- $2.4 million to help launch the National Center for Urban School Transformation (NCUST) at SDSU’s College of Education. The NCUST will work to enable public schools to tackle the breadth of issues present in urban classrooms and communities. The Center will serve as a catalyst to support transformation in urban schools across the nation.
“Qualcomm wanted to work together to find a way to make a distinct and widespread contribution to improving our region’s overall quality of life. Soon it became clear that education was the first critical issue we should address,” said SDSU President Stephen L. Weber. “Establishing this institute is yet another example of Qualcomm’s leadership on issues of importance to San Diego.”
Enhancing math and science education has grown into a red-hot national issue in recent years as several prominent international studies have shown American students, especially in the higher grades, falling farther and farther behind their contemporaries abroad in math and science skills. Reversing the trend, said Weber, requires comprehensive and sustained approaches to implementing education reform and those are the kinds of programs the Qualcomm Institute seeks to support.
“This will be the first of many initiatives to help our region,” added Weber. “The Qualcomm Institute will develop a new strategic plan for education in San Diego, one that broadens the traditional scope of literacy to include a much higher level of mathematical and technical skills. These skill sets are essential for San Diego to thrive and prosper, because virtually all professional fields, from business to health care to education, are becoming more dependent on mathematics and technology.”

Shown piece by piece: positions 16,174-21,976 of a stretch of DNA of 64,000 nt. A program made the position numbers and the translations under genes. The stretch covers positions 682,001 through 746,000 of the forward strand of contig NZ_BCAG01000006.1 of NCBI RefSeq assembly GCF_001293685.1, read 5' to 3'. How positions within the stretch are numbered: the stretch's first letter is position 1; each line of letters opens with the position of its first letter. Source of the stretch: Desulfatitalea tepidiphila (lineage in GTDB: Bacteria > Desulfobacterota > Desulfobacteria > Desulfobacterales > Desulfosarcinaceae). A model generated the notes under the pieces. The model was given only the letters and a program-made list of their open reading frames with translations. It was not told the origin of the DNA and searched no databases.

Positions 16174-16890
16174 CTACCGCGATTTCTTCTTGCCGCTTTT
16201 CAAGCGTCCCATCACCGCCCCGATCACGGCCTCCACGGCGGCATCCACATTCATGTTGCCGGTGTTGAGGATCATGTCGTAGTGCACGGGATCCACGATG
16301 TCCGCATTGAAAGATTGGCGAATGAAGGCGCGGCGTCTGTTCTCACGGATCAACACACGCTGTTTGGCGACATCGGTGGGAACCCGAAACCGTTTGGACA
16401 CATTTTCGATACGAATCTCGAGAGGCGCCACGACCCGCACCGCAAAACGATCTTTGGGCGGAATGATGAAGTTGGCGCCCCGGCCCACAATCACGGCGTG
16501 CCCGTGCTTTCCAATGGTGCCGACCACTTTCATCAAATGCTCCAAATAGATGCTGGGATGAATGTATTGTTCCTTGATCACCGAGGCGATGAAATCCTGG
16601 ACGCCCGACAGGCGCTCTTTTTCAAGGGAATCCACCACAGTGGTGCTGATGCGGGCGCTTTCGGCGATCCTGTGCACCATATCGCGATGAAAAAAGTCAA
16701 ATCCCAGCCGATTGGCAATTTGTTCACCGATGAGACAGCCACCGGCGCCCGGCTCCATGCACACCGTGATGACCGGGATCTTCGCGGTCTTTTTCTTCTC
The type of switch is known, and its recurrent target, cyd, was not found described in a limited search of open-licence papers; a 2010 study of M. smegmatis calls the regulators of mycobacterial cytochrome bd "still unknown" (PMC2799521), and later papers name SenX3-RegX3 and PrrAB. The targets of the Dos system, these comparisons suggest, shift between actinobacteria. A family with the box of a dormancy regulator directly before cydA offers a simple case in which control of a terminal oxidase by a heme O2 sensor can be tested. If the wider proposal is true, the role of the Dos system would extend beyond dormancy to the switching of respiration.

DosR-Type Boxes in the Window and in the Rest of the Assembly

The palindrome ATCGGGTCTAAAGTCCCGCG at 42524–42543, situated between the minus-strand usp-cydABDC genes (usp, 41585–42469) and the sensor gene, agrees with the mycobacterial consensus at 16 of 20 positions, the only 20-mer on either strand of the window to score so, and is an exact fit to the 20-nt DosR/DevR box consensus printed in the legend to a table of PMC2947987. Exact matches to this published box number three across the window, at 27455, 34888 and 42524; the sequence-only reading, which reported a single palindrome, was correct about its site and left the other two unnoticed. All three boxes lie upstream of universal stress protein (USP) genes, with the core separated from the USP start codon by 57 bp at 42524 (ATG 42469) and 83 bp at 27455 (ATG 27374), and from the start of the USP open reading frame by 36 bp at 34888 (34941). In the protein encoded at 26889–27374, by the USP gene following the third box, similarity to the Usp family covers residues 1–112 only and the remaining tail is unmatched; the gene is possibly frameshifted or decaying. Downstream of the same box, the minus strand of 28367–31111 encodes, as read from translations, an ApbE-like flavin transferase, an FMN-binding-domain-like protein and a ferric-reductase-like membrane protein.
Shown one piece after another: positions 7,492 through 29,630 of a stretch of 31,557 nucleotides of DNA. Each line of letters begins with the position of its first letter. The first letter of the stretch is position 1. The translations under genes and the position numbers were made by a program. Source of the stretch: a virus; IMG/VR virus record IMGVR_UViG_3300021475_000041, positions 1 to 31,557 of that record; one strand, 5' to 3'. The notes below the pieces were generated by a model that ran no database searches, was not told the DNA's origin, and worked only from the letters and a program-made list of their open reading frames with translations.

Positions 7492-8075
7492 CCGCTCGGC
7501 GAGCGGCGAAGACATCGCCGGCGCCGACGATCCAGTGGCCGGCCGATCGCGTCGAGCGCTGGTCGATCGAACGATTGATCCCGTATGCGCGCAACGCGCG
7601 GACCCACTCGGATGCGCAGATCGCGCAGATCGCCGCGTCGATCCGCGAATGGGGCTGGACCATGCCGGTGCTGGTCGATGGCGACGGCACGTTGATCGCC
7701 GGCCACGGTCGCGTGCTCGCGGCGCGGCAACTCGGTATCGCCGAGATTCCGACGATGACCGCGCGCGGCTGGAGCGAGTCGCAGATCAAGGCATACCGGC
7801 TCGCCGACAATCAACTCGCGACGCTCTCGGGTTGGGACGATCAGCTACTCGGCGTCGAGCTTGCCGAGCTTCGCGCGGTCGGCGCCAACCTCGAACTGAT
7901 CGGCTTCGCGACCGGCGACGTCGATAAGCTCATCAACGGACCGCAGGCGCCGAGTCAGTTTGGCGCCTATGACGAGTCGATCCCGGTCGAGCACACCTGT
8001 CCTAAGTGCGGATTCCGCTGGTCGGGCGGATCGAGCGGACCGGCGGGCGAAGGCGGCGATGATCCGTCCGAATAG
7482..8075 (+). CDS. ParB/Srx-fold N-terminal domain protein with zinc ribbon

In addition, Qualcomm is contributing $2.6 million to the President’s Leadership Fund at SDSU, enabling it to invest in other programs on campus that complement the goals of the new institute.
Qualcomm, which has already contributed more than $10 million to SDSU since the early 1990s to support a range of programs, initiated the idea of establishing a more ambitious partnership with SDSU to address regional needs.
As part of this partnership, SDSU has agreed to raise an additional $15.1 million in private support for the four key initiatives. Part of that effort will include hiring the university’s first-ever “Executive-in-Residence” who, as part of his or her duties, will raise awareness of the Institute’s mission and help launch a Corporate Partners Program.
Qualcomm Incorporated (www.qualcomm.com) is a leader in developing and delivering innovative digital wireless communications products and services based on the Company’s Code Division Multiple Access (CDMA) digital technology. Headquartered in San Diego, Calif., Qualcomm is included in the S&P 500 Index and is a 2003 FORTUNE 500® company traded on The Nasdaq Stock Market® under the ticker symbol QCOM.
San Diego State University is the oldest and largest institution of higher education in the San Diego region. Founded in 1897, SDSU offers bachelor’s degrees in 79 areas, master’s degrees in 67 and doctorates in 14. SDSU’s more than 33,000 students participate in academic curricula distinguished by direct contact with faculty and an increasing international emphasis that prepares them for a global future. For more information log on to www.sdsu.edu.